KQED PERSPECTIVE (aired June 94)
by Michael Ellis
I am blessed in many ways in my life but one of the greatest is by my profession – I make a living taking folks on natural history excursions to wonderful spots on the planet — the Amazon, Africa, Antarctica. I go snorkeling, birding, river rafting whale watching. So I am invariably asked “If this is your work, what the heck do you do for recreation??”
Well I must confess that I love to vacation in New York City. I revel in the contrast to the rest of my life. I get so energized when I am in that crush of humanity, that maelstrom of trade and commerce. The home of the extreme extremes.
Believe it or not the Big Apple reminds me of the Amazon Basin. The tropical rainforests are the richest biological places on earth. I can walk the same trail over and over and see a different assemblage of birds, insects and mammals every time. The entire Amazon world is buzzing with energy. At every level from the dense underground mycelia threads underpinning the entire forest floor to 200′ high up in the canopy layer, life is at full bore. Entire worlds live and die in one tree. The cacophony of insect sounds alone can drive some folks crazy. I happen to love it. The competition for resources is intense. If a plant or animal stays still in the Amazon for very long, it is soon overwhelmed, out competed and may go extinct.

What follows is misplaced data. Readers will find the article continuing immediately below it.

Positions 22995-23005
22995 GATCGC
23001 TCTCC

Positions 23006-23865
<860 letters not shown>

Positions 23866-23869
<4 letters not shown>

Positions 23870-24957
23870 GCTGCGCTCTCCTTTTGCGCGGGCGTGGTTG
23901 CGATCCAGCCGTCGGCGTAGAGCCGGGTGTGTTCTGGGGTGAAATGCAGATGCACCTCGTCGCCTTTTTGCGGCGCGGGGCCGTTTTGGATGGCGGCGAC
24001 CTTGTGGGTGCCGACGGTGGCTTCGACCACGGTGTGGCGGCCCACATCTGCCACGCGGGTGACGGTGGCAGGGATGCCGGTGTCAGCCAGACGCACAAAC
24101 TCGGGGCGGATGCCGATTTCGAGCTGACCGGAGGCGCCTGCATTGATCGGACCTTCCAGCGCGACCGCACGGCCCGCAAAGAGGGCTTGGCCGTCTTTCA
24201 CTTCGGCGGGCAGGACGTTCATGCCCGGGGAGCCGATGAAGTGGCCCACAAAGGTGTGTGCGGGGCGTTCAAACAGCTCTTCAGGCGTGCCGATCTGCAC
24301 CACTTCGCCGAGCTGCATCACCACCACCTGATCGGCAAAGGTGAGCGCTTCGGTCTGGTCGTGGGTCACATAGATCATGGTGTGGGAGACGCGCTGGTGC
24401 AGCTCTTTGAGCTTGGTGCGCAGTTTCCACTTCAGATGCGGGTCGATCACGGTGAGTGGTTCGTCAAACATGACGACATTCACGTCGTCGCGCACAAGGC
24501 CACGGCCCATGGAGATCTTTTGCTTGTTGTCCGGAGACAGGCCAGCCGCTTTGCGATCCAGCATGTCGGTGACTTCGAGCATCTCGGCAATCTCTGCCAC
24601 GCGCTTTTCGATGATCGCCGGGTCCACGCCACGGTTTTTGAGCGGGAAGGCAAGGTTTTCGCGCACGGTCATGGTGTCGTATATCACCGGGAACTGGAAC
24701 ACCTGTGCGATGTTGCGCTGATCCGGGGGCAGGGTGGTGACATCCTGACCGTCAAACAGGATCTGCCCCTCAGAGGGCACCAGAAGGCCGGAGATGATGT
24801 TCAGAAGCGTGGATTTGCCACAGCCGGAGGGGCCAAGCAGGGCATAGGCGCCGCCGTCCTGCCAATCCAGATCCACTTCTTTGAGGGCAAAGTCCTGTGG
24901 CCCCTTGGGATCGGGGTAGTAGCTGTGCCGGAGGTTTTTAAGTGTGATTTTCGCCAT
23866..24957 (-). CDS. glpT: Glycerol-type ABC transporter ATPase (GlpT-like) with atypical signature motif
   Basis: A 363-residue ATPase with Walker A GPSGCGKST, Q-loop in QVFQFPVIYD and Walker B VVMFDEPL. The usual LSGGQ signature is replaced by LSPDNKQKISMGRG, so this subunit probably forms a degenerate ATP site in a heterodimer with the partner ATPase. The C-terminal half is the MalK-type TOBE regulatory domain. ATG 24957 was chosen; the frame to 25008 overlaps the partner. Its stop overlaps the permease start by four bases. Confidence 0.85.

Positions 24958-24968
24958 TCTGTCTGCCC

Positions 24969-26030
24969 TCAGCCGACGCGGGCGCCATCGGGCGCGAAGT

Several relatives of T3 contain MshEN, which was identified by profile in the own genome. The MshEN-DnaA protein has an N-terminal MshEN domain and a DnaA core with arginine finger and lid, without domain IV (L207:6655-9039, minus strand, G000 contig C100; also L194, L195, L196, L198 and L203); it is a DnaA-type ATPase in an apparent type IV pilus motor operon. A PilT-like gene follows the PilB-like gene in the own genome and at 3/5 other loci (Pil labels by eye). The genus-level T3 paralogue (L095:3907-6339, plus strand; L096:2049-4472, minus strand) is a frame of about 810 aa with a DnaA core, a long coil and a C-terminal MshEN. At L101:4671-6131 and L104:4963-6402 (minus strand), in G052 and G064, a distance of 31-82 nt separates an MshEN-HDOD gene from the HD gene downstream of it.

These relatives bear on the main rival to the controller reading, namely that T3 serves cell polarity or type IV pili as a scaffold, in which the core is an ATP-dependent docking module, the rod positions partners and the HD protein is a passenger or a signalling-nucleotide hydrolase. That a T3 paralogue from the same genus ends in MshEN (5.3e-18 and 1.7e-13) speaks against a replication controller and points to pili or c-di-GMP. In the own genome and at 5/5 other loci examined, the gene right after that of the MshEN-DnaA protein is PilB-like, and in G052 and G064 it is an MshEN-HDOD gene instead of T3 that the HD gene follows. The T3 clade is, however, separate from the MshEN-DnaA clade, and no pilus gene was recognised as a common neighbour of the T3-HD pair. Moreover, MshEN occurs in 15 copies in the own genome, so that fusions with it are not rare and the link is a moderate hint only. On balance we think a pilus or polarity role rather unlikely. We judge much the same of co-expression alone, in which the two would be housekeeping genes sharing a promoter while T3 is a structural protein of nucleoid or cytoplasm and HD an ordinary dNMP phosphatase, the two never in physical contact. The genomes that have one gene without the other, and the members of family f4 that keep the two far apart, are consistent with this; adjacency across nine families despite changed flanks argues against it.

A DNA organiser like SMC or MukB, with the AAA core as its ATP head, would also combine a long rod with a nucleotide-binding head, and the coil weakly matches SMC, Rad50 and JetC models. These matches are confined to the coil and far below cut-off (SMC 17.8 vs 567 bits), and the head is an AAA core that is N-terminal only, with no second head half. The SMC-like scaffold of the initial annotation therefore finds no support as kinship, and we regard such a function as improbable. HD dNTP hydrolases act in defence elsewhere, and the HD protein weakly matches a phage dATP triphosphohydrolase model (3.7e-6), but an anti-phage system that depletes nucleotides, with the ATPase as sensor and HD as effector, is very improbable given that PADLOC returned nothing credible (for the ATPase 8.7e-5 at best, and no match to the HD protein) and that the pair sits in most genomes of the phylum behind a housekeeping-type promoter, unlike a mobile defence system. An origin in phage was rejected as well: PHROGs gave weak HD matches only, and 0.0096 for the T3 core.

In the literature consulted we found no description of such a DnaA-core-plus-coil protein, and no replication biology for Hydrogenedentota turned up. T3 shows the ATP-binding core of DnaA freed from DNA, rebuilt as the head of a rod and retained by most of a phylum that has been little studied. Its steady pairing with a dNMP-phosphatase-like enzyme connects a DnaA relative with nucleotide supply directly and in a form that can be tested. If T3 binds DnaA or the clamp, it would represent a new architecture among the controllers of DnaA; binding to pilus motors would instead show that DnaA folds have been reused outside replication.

New York is a human-created mirror image of the Amazon. The underground subway system roots the buildings, connects, intertwines and delivers the human protoplasm, which are the vehicles of energy. Instead of sunlight driving the eco-system, there is money and lots of it. Goods and services are exchanged at a frantic rate. You want it? Anything. New York has it. If you want to be tested, to compete, to thrive go to the City. To quote Sinatra, “If you can make it here, you can make it anywhere.” Slow down, become weak, you are soon history. Entire worlds exist in the World Trade Center and in Harlem tenements. The diversity of life on the streets is astounding. Ah New York, Oh the Amazon I love you both.